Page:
The potential implications of core systems replacements are so vast that most bank CIOs opt to mitigate the risks by taking things slowly and cautiously, converting one piece of the business at a time. But when it came to replacing his company's legacy core systems, Michael Redeker, CIO of ATB Financial (CD$32 billion in assets), knew caution would impede the bank from achieving the goals of the initiative.
So when the Edmonton, Alberta-based bank began reviewing options and potential technology partners, the question was, "What was the most effective way we could go through that process, and how would we assure a viable solution at the end of the journey?" Redeker recalls. As the RFP process began in 2007, the bank decided to go with a "large footprint" -- an end-to-end solution from a single vendor. This would help ATB Financial avoid replicating the legacy "bowl of spaghetti" that had resulted from years of add-ons and updates. "We wanted a core application that ran our organization," Redeker says.
In 2008, ATB Financial selected SAP's core banking solution -- making it the first bank in North America to implement the system, according to Redeker. "They had a solution we could add on to and mature as an organization," he relates.
But it wasn't just the scope of the technology that was unique. ATB Financial implemented the new core system "with a big bang," Redeker says. "We decided to do everything at the same time. We converted all customer records, all of our financial records, a full cutover of our suite of applications … on one weekend."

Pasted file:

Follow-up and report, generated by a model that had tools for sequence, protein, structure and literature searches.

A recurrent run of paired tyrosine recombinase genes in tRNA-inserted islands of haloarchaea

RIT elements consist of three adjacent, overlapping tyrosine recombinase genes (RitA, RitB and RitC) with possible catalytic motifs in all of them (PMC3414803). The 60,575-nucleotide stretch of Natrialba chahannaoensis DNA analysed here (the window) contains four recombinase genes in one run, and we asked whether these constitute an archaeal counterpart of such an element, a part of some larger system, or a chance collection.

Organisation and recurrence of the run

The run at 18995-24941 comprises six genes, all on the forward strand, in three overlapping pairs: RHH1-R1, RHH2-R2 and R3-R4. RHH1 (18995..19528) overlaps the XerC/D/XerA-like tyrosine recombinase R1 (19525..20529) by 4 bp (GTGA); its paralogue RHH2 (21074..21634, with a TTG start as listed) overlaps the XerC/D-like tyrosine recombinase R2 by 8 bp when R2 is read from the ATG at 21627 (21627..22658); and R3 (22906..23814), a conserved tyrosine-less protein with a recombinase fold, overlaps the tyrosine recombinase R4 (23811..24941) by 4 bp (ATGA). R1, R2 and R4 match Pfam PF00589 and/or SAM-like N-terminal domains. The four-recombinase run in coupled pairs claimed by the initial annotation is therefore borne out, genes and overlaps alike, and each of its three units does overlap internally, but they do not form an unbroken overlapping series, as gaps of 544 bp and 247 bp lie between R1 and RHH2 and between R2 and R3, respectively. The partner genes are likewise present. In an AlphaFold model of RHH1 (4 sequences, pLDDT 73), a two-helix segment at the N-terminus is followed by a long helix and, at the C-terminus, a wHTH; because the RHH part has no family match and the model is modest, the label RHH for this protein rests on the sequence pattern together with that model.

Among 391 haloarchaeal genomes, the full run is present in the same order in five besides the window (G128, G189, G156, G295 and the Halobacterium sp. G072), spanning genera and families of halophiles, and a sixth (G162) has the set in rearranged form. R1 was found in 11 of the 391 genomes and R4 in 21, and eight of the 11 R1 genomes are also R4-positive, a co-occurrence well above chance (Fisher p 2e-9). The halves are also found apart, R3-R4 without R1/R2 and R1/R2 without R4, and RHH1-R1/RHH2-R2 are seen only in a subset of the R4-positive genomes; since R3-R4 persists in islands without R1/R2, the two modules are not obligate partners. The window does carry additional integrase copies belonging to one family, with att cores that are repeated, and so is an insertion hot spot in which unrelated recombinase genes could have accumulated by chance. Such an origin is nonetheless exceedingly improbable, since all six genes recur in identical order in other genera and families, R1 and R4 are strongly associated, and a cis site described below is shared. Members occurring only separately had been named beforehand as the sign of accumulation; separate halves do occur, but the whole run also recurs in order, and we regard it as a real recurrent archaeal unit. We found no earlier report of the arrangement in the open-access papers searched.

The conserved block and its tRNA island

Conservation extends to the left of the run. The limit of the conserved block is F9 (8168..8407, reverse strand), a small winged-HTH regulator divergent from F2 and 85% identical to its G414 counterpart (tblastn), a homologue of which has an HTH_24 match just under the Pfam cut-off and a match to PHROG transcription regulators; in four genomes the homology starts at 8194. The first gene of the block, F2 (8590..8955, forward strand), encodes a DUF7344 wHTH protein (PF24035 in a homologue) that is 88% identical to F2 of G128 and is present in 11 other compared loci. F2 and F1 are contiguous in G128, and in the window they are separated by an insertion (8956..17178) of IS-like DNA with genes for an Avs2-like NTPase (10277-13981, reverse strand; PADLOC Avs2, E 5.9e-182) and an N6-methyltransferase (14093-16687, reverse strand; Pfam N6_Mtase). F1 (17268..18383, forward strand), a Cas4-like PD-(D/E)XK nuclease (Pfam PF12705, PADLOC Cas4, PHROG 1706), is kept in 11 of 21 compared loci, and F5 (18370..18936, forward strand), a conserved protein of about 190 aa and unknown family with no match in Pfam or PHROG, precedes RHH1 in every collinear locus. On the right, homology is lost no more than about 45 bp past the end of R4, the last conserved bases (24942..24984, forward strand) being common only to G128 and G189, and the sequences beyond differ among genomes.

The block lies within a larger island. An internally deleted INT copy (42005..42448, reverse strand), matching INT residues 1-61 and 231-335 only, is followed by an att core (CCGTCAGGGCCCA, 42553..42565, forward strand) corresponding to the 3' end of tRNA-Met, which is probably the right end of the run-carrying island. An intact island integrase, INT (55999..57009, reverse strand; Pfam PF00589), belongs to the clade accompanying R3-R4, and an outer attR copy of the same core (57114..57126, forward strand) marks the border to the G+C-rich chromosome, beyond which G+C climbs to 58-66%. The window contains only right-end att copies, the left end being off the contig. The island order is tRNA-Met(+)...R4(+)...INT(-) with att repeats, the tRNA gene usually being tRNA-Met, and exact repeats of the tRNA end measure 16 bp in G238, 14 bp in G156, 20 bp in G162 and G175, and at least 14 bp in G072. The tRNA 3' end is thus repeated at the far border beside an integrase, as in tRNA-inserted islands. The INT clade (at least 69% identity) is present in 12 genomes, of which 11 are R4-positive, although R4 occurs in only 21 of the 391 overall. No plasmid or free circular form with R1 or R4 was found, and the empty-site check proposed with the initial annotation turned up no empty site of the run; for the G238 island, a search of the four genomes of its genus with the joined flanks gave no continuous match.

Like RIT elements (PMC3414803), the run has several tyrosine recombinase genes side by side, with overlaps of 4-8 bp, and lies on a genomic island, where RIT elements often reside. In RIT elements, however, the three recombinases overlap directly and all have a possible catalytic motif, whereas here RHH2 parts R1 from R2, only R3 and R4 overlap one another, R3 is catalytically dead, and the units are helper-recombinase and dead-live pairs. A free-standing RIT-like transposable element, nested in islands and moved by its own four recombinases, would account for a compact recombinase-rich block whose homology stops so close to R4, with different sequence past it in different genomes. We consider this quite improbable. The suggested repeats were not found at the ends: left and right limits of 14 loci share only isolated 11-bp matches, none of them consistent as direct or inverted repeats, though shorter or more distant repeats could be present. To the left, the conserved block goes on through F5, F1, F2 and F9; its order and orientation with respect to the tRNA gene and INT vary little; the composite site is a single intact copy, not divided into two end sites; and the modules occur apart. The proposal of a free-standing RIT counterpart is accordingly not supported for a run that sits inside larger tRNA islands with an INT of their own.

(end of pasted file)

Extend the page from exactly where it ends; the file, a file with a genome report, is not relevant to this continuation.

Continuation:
Not that it was easy. In the initial months after the system went live in September 2011, Redeker acknowledges, there were challenges around system stability, data conversion and the ability of the bank's employees to use the new tools. Knowing that such an aggressive rollout inevitably would encounter glitches, Redeker and his team relied on communication to get through any rough spots. "This was a large, complex implementation, but what made it successful is the collaboration among the folks across the organization, to continuously focus on improving the stability and improving the tool for our associates and what we were delivering back to our customers," he says.
Another success factor was the "very transparent conversation," the bank had with its 700,000 customers during the migration. "We were very open and honest with them" in communicating the difficulties of implementing the new system, Redeker notes. "We said, 'We know we're going to have some challenges, but trust us, we'll be there for you.' That ... really afforded the technology team the time to fix the issues once we went into production."
Asked why the bank committed to a game plan fraught with potential risks, Redeker concedes, "I will be honest -- as the CIO, I was very nervous about going down this path." But the anxiety and hard work have more than paid off. "Having gone through this, I am actually a big fan of what we accomplished," he says. If the conversion had been approached function by function, "It would have been a seven- to 10-year journey and significantly more expensive than the big-bang approach." Instead, ATB Financial was able to reap the benefits of its "tightly integrated solution" in a relatively short period of time.
The project also involved significant infrastructure enhancements, Redeker points out, and occurred at the same time as replacement of 75 to 80 percent of the bank's application suite; an IVR upgrade; and build-out of its disaster recovery site. "We truly transformed the entire organization," he says. "I'm quite proud of the team and what they accomplished in the past three years."